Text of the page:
That Africa needs to redress the huge gulf between its wealth and its poverty is a foregone conclusion.
Statistics of outflows from Africa against inflows in everything from aid, foreign direct investment to remittances will boggle the mind.
But you already know that.
What Africa needs to do about it is another matter altogether. President John Magufuli seems to agree with the view that there is outright robbery which must come to an end.
Others, and especially so if they are beneficiaries, feel foreign investment shall be destabilised if radical adjustments are made.
There needs to be common ground because radical approaches will do more harm than good. However, we must begin by establishing some hard truths as to where the rain began to beat Africa.
Not so much as to the timing, although that too is of significance, but to the complicity of a combination of factors that have enabled Africa's wealth to continue to make Western capitals glitter in diamonds, gold and silver while Africans remain basket cases worth of pity.
Back in the old continent, we are our worst enemy. Africans are hopelessly divided on the basis of nations and our friends in the richer world exploit these divisions to the maximum to the detriment of Africa.
Take the on and off case of common external tariff in the East African Community (EAC). We have everything in common that includes natural resources. Many of the people in this region share common ancestry, traditions and languages. Unfortunately, our politics, which drives decision making, are also shared in their naivety. None of which convinces us that tourists visit our regions not because of our common borders, but to enjoy flora and fauna that do not share such a myopic view of national borders.
Year after year in schools and colleges, our curriculum still takes the view that each of our nations is self-sufficient and that its worst enemy is the sister nation next door. We continue to exhort the war across the River Kagera to remove Iddi Amin as if it was a war between Tanzania and Uganda. It wasn't.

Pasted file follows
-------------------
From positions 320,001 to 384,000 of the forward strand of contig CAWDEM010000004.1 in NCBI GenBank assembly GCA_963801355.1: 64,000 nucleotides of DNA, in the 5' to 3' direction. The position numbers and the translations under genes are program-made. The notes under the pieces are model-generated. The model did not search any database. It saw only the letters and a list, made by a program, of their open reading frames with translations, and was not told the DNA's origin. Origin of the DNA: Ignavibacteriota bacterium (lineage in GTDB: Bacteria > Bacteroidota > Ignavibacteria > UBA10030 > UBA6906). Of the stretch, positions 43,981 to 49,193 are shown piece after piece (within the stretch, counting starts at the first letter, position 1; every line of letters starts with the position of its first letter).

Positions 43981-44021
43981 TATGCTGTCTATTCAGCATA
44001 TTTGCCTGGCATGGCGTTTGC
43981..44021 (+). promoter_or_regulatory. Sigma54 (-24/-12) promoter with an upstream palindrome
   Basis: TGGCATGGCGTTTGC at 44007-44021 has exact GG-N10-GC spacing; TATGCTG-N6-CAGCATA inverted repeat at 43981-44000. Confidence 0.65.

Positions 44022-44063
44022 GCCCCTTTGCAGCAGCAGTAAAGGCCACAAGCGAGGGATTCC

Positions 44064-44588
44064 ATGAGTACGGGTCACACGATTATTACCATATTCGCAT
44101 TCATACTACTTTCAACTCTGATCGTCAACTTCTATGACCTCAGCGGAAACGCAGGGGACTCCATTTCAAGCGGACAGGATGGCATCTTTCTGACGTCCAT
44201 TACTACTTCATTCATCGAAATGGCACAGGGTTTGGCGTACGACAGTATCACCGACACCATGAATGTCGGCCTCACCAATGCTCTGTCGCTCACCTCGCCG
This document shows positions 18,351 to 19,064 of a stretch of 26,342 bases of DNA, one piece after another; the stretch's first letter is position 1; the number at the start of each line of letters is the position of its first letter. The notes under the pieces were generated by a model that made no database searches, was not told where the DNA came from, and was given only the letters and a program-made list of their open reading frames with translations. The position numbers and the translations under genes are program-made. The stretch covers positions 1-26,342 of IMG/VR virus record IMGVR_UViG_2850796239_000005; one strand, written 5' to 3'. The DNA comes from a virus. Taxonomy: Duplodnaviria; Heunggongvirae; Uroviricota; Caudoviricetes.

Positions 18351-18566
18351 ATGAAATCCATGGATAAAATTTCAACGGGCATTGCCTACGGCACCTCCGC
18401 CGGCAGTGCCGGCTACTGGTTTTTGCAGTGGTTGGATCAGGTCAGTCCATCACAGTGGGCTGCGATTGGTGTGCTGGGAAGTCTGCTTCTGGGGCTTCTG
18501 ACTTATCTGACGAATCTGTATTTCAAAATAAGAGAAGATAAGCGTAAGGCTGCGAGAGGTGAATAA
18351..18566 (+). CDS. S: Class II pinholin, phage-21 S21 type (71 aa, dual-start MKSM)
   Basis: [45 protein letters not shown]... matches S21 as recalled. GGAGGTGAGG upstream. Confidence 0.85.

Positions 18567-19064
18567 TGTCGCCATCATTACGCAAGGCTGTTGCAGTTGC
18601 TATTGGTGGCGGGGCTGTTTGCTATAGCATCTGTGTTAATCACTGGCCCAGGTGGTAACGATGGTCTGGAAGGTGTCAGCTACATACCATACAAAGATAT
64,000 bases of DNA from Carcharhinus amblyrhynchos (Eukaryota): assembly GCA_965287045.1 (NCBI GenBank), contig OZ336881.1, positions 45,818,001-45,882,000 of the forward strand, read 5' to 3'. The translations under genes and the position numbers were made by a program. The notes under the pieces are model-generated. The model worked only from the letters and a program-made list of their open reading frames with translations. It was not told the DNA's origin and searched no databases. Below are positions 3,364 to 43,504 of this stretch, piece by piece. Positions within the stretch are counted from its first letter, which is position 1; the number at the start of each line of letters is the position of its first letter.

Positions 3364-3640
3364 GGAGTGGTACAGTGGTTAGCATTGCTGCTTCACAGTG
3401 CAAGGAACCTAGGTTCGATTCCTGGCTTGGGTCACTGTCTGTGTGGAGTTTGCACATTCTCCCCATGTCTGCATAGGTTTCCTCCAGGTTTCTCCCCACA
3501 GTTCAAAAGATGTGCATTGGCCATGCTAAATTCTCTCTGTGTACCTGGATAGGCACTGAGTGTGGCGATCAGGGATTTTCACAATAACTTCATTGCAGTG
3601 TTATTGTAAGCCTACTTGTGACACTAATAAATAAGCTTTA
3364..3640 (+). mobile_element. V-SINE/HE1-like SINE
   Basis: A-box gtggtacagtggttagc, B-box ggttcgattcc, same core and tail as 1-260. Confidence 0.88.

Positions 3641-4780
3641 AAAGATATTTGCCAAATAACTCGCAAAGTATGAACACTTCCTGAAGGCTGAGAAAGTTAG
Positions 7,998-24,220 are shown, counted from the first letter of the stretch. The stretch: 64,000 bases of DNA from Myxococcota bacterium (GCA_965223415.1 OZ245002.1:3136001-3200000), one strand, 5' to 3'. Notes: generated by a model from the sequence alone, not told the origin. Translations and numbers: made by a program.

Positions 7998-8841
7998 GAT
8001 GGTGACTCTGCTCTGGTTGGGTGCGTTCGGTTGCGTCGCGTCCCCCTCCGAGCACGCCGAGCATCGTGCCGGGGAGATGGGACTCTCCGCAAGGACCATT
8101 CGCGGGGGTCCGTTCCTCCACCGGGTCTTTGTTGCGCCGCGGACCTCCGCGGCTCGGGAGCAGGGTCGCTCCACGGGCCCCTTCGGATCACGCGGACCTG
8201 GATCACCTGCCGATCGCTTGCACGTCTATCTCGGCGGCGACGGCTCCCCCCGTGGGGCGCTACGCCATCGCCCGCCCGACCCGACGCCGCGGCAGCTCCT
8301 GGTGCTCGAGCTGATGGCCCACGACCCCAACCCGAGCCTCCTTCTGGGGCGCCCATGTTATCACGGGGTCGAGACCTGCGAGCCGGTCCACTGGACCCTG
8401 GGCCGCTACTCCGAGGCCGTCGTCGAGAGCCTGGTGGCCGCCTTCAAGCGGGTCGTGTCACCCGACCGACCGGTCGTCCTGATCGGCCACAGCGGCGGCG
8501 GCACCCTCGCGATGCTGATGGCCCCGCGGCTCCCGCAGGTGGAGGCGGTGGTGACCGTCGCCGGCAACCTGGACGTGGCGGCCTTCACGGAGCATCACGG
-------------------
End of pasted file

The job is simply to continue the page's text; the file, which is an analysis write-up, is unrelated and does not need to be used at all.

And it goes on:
Recently no debate has dominated headlines more than the ban on mineral concentrates and its ramifications.
Last week, at the Annual Mwalimu Nyerere convention at the University of Dar es Salaam, Professors Bathily of Senegal and Lumumba of Kenya spoke very passionately about African unity.
This war that Dr Magufuli has started has been waiting for someone to start it. It needs one to be bold, daring and willing to face the consequences for consequences shall be there.
But in the bigger context, the two professors are right that for this war to be won the approach must be Afrocentric. That means this is really not about Acacia versus the government of Tanzania. Our friends, if you notice showed up with the Canadian High Commissioner to Tanzania. It tells you this matter goes beyond Acacia. It's an economic war.
There is a chance now for us to engage as a region and get the best of us to prepare in advance for negotiations. There will be conditions ahead of negotiations. This is a hurdle we must be prepared for.
International diplomatic stakes are in high gear. Lobbying is going on out there; we cannot afford to wait to get EAC, South African Development Community and African Union on our side.
Individual countries too, for after all, the same North Mara Gold Mine belt stretches into Macalder Mines in Kenya and Acacia have an interest there as well.
We should remain firm and focused, unleash the best for this country and the continent to have a win-win deal. That will depend on how well we are prepared to face this onerous task.